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SALT LAKE CITY -- When an Iraqi man refused a request from Saddam Hussein, he had to flee his country. Through the International Rescue Committee, he and his wife and children were able to come to Salt Lake as refugees. Now, he is once again pursuing his passion.
Ali Al Hammashi says he has wanted to be an artist since he was a small child.
"My mother used to make work in clay, so I was maybe 7 years (old) when I molded small animals or objects," said Ali. "I wanted to be an artist."
Because he remembers so much about this early life in Iraq, Ali Al Hammashi calls his paintings expressions of the magnificent world of women and children.
His rich colors and tender scenes represent the quiet moments in difficult lives.
"They don't have freedom (in Iraq) like in Europe or in America. Every time I look at the face for the woman, I see she is tired, she is sad," Ali said. "Life is hard. She works in the home and outside in the garden or farm. The husband is like the president for the family. The woman loves her kids, son or daughter, and hopes when her son grows in 20 or 25 years he can help her. But son goes to the war or to another country, and this is hard."
It's hard for children as well.
"The kids can't find toys. I remember we make the toy, like I make guitar, I make cars. My friend, the same. And when we go to school, the school is not the same as a school in Europe or in America," he said. "Now I am very happy because when I go to the school, I tell my kids, ‘Your school is like a university in Middle East. You can say everything here.' Teacher very different in America, different than Iraq. Teachers in Middle East are hard, sometimes use rubber stick."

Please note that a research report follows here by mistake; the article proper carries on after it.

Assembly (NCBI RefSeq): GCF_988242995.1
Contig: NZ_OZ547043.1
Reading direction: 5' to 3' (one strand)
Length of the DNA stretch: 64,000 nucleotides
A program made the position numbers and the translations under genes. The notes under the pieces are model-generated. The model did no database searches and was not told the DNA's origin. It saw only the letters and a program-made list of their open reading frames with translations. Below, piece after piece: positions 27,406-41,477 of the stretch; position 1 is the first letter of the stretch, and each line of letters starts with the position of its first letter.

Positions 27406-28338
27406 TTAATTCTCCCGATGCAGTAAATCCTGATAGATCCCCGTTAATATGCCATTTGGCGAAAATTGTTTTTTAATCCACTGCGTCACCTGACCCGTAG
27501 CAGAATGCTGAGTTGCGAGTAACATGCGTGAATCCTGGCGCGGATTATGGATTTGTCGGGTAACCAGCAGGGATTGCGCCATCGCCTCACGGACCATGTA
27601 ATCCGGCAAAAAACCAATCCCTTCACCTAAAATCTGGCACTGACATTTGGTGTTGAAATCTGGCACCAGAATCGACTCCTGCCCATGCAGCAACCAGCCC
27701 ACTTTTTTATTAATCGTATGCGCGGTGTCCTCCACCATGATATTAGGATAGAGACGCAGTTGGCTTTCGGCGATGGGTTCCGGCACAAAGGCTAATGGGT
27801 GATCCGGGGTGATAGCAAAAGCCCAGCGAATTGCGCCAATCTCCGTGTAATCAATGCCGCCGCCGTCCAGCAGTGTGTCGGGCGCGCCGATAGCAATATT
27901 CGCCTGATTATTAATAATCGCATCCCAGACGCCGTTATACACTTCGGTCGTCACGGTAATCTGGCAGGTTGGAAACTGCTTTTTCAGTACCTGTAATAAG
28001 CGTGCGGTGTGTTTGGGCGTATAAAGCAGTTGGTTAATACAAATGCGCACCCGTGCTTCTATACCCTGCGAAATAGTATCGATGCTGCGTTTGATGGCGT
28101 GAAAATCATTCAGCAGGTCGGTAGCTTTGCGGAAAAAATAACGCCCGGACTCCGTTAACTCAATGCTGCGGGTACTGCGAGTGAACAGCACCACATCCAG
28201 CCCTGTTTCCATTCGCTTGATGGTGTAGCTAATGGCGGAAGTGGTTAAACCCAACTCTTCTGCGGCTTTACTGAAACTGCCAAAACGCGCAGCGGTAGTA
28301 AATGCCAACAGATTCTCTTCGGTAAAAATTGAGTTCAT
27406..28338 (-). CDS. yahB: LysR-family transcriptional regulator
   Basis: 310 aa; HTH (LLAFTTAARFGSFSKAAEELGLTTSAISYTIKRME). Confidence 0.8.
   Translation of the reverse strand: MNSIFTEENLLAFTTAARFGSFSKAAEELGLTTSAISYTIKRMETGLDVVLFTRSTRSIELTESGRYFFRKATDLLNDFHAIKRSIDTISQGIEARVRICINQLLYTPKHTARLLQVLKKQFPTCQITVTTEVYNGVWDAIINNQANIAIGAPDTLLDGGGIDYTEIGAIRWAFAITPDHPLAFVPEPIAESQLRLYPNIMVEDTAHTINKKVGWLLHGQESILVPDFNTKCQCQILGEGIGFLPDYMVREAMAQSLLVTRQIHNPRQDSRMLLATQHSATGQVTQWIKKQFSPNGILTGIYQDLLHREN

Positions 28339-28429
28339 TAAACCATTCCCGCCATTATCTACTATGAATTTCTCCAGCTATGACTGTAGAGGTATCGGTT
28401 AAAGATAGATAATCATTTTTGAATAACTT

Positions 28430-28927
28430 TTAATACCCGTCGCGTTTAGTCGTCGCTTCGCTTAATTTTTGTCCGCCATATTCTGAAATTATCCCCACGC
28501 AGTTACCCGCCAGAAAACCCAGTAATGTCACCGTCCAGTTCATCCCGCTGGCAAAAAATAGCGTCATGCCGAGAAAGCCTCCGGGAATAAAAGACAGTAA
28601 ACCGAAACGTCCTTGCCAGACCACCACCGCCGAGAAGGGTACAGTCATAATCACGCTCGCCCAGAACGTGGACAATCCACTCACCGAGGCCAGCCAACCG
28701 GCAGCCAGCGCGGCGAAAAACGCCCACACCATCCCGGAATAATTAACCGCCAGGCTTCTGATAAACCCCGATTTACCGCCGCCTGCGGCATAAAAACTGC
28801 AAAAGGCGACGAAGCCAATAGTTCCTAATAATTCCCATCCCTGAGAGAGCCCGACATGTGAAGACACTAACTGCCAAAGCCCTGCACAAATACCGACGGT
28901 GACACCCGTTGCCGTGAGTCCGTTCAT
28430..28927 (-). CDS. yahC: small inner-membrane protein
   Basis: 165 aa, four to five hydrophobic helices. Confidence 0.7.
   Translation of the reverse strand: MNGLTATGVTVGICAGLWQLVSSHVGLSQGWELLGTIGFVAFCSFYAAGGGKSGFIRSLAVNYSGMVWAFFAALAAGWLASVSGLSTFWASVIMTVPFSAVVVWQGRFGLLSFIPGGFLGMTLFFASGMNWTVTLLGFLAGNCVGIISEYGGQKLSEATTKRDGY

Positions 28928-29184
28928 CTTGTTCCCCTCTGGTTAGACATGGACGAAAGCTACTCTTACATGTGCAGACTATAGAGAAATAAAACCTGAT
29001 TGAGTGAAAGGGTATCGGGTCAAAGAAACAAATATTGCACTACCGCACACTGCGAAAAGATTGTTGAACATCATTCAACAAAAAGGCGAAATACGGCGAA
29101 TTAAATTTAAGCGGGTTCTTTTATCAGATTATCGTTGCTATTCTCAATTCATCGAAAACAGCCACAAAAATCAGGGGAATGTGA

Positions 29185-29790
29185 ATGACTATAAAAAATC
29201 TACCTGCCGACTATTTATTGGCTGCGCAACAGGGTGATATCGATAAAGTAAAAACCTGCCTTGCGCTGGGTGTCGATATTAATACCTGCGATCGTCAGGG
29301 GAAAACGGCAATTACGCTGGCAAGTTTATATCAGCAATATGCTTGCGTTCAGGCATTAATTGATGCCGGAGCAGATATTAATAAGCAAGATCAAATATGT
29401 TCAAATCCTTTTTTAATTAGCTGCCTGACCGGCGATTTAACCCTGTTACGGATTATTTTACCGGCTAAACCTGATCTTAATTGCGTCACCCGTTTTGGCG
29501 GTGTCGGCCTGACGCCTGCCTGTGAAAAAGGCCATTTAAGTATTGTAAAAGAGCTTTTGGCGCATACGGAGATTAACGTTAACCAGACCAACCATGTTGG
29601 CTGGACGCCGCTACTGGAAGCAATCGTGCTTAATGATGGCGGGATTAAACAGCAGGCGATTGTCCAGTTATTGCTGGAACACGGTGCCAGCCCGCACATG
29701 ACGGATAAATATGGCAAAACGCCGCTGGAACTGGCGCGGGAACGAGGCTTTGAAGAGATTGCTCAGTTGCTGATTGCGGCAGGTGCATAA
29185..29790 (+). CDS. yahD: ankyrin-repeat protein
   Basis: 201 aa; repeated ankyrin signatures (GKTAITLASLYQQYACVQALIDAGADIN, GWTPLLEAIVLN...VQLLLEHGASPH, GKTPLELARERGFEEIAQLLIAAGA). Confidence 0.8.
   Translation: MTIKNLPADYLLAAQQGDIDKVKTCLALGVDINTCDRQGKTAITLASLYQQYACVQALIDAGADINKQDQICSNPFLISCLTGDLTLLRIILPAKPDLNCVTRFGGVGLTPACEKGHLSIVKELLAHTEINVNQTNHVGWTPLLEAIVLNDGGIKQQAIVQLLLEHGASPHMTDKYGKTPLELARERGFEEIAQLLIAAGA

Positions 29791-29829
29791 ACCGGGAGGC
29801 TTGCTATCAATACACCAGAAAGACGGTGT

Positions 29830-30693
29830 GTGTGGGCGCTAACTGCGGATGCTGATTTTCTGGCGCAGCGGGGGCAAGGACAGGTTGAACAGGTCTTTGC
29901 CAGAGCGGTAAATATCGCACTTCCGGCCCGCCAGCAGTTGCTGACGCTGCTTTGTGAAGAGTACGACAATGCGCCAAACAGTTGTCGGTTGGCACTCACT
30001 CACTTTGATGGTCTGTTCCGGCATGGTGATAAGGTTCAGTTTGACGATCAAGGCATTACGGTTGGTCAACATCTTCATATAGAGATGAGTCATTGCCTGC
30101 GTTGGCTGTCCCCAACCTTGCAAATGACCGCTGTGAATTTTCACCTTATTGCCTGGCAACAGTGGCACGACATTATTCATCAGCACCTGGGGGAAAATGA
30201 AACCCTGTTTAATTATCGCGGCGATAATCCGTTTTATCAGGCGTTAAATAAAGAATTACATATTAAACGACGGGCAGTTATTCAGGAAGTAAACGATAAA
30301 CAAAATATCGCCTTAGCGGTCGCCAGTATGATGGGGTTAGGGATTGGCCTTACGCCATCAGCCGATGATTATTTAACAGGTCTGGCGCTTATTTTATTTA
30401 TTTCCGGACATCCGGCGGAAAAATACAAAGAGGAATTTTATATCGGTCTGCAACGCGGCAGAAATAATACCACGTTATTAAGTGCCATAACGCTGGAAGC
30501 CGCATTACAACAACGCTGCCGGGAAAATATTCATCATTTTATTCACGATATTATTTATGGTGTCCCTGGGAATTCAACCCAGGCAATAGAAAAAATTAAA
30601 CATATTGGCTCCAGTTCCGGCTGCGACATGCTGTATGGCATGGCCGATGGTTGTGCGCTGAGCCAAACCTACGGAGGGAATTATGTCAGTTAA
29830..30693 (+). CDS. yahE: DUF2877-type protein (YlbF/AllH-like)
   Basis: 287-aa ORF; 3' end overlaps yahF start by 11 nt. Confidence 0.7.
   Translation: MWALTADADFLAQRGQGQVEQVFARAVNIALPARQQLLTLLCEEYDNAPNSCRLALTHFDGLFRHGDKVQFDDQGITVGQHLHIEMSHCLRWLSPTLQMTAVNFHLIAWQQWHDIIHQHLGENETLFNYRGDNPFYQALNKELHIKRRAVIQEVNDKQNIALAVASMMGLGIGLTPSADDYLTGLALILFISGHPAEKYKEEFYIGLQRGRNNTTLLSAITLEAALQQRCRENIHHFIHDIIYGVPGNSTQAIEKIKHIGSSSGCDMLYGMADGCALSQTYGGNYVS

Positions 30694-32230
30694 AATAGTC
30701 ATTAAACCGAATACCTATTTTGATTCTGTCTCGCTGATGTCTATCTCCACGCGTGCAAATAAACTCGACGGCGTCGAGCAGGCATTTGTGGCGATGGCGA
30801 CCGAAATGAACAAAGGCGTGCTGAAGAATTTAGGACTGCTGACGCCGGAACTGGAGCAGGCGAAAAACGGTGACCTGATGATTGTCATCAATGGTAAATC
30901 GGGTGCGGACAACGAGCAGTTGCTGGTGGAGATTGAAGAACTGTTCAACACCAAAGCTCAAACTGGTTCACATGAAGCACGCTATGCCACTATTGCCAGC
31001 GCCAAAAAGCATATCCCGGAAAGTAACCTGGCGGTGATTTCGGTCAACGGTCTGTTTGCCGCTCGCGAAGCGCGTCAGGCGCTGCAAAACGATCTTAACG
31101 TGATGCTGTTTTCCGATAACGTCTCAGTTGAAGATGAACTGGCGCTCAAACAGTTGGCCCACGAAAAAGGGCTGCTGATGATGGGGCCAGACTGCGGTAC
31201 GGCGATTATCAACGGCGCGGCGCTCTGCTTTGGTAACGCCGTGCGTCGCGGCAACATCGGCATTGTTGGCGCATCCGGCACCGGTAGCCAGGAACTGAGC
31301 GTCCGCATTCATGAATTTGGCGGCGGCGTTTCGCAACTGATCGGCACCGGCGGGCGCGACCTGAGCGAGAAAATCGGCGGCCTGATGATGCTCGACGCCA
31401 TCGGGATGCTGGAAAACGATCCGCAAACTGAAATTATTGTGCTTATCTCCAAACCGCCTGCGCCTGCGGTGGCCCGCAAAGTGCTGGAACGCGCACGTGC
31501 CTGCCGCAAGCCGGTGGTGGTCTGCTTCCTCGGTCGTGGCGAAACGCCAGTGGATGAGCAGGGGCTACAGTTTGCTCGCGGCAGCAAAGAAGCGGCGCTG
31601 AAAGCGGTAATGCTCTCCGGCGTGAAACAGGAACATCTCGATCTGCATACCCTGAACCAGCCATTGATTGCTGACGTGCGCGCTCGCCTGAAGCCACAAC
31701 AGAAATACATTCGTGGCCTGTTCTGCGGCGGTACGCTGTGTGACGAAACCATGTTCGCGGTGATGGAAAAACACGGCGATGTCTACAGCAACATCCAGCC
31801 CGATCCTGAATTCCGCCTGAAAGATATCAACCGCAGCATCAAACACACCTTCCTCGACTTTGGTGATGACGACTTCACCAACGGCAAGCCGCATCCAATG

Artwork by Ali Al Hammashi
Opening Reception March 31, 7-8:30 p.m. Anderson-Foothill Branch Library 11315 South 2100 East, Salt Lake City
Exhibit runs through May 7
Ali had been a senior member of the Ministry of Education, building art programs in schools throughout Iraq -- but that ended suddenly.
In 2001, a government official said President Saddam Hussein wanted him to fix another artist's work, a large painting representing the regime on the side of a building. Because Ali disagreed with the regime, he refused.
"The problem is when someone tell me to fix painting for Saddam Hussein," Ali said. "I tell him, ‘I can't, sorry, I can't do that.' He tell me, ‘No, I want you to do that.' I say, ‘No, I can't do that.'"
That official wrote Ali's name and address, so Ali soon after fled to Jordan with his wife and three children. There he continued to pursue art. During his first exhibit in Amman, he met a Utah Valley University professor who hold Ali he would love Utah. This professor became a sponsor when the family arrived as refugees through the International Rescue Committee.
"I see the people here is very nice and every time help me and help my family," Ali said. "Now I am very happy when I have this first opportunity for me to do this exhibition."
Ali Al Hammashi's exhibit "Dreams of Color and Touch" has an opening reception Thursday night at the Anderson-Foothill Branch of The City Library. The artwork will remain there through May 7th.